Articles Posted in OWI

Have you ever wondered, what happens if you get a 3rd DUI? A 3rd Offense DUI in Michigan is a potential disaster. Callers to our OWI law office want to know answers to questions like, “when will I be getting license back after 3rd DUI Michigan,” or “how long is license suspended for 3rd DUI in Michigan?”

What happens on your 3rd DUI? Just dealing with potentially losing your job and trying to pay higher insurance premiums is jarring to some Michiganders. Jail time is the most harrowing and worrisome 3rd DUI penalty that most clients fear. These felony crimes, however, can also result in vehicle forfeiture to the State, or license plate confiscation and immobilization of all vehicles owned by the client.

Analyzing the OWI Case Is the Starting Point

What’s the Difference Between DUI and OWI? Both DUI and OWI are acronyms for drunk driving.

DWI is another acronym that was once commonly used, and this abbreviation means driving while Intoxicated (in TX) but means driving while impaired (in NC).

In Michigan, the most appropriate legal acronym is “OWI.” But “DUI” is still used as a more general reference to drunk driving, due to this ubiquitous abbreviation being the best-known and most widely used acronym in the United States.

A recent news report outlines some of the circumstances surrounding the arrest of Michigan Democratic state Rep. Mary Cavanagh of Redford, and as true with many media outlet stories it seeks more shock than substance.  To help elaborate on substance, and dispel some myths and misunderstandings about drunk driving laws, this article addresses the following three topic:

  1. A second DUI arrest does not necessarily mean enhanced DUI penalties, driver license sanctions or conviction,
  2. Being unable to stand on one leg is only a part of standard field sobriety tests, and;

Why Does Michigan’s Law of Implied Consent Exist?

The first DUI laws went in the books all the way back in the 1950’s when cars where just starting to become very common. Back then, there were no breath tests, so that law enforcement tool in a DUI investigation was not available to police officers. That only happened ten years later, in the 1960s. Technology has improved a lot since then, and the law has changed too, because the law of implied consent is younger than the first breath tests. Back in the “olden days” people could refuse a breath test in a drunk driving case without an possible sanction. That is no longer true, and today, there are serious consequences if you unreasonably refuse to to a breath test.

The Michigan Law of Implied Consent

Michigan statutory law provides that for every Michigan DUI case the offender must be subjected to substance use evaluation prior to sentencing. More specifically, Michigan Compiled Laws sec. 257.625b indicates that such individuals must undergo a screening and assessment to determine if the person would benefit from “rehabilitative services,” which may include such things as alcohol or drug education or treatment programs.

What is a NEEDS Survey?

Your substance abuse assessment and screening prior to your Michigan DUI sentencing hearing will be conducted by the court’s probation department. To accomplish this the probation officer will administer a 130-question mostly multiple-choice test called a NEEDS survey. The purpose of the NEEDS survey is to assist the probation officer, and therefore the judge who will be sentencing you, in determining if they believe you could benefit from substance use treatment. If so, then you will be ordered into such treatment at sentencing. This will also become a “rehabilitative aim” allowing the court to rebut the statutory assumption against jail or probation on a DUI offense. You will be charged a screening fee for this test. You can pay this in advance, and if you do not, you will be ordered to pay the screening fee when you are sentenced for your DUI.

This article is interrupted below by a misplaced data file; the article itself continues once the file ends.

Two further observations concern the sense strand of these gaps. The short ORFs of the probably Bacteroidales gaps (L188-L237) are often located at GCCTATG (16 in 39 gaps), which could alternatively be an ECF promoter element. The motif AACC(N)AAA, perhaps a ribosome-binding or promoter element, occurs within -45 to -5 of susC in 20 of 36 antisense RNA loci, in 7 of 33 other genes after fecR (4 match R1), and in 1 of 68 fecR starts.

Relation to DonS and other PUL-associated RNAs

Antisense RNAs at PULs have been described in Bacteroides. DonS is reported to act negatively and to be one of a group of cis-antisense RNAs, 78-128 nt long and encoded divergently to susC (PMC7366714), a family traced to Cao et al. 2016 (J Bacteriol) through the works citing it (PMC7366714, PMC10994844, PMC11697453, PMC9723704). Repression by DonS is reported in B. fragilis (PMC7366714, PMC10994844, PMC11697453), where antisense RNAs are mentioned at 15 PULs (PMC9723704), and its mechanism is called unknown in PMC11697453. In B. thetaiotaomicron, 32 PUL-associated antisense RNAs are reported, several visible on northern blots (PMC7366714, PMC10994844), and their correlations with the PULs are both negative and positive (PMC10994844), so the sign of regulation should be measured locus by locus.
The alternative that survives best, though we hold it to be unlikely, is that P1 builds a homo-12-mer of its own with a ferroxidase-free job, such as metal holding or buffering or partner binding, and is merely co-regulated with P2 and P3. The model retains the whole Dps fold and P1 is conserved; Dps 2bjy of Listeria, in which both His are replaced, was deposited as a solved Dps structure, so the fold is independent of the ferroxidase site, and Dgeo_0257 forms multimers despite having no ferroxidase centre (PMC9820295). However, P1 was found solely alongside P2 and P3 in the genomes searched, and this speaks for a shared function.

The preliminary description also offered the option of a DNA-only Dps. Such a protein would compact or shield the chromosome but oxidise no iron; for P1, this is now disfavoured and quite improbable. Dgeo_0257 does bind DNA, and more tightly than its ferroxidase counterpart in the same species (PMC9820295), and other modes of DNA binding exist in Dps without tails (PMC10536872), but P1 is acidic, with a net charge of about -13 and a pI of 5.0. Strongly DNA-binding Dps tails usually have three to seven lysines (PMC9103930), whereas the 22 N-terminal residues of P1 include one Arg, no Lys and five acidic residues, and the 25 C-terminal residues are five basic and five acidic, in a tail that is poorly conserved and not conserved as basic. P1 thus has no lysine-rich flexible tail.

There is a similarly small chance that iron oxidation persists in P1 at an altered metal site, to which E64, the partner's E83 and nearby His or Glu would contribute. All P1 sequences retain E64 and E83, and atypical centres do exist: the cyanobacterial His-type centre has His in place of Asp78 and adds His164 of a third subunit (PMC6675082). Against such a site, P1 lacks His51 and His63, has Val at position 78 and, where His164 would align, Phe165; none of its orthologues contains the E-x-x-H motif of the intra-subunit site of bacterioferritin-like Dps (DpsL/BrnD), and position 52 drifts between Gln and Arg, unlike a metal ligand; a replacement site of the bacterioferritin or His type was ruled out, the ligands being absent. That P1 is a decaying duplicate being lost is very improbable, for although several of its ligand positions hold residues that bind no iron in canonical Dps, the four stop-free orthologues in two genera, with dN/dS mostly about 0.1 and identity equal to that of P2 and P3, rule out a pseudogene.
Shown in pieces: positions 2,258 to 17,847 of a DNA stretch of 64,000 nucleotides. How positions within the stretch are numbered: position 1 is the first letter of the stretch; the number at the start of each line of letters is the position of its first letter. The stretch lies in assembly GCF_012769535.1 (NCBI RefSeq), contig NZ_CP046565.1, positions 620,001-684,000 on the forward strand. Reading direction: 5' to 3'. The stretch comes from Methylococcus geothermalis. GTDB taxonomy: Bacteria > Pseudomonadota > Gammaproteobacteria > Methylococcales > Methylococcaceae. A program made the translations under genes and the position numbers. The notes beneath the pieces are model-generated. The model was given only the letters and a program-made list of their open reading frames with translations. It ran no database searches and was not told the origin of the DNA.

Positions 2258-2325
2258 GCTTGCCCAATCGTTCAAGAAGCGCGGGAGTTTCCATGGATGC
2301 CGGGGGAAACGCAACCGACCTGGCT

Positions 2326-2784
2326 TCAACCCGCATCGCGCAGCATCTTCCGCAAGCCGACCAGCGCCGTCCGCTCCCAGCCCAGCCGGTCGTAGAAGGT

Now that you understand the plea bargaining process in Michigan and how to prepare for court when pleading guilty, let’s now consider exactly what happens in court when you plead guilty. During the plea taking process the court will be concerned with two things. First that you understand the constitutional rights that you are giving up by pleading guilty, and second, that you are freely, knowingly and understandingly admitting to and acknowledging that you have committed the crime to which you are pleading guilty.

To confirm that you are fully aware that by pleading guilty you are giving up all your constitutional rights associated with trial, the judge will ask you a series of questions almost all of which are answered by the single word “yes”. So, for example, the judge will ask you if you understand that you have an absolute right to trial, to which of course your answer is “yes.” The judge will ask you if you understand that pleading guilty you are giving up your right to remain silent, to which again, the answer is “yes.” There are sometimes a few “no” questions as well, such as “have any promises been made other than those stated on the record, to get you to plead guilty.” The answer to the question so certainty be “no.” Another no question might be “have there been any threats, compulsion or duress used to get you to plead guilty.” Again, the answer should definitely be no. Once the court is satisfied that you are freely knowingly and understandingly giving up or waiving all your constitutional trial rights, and that no promises or threats have been made to induce the plea, then the court will move on to a establishing the factual basis for plea.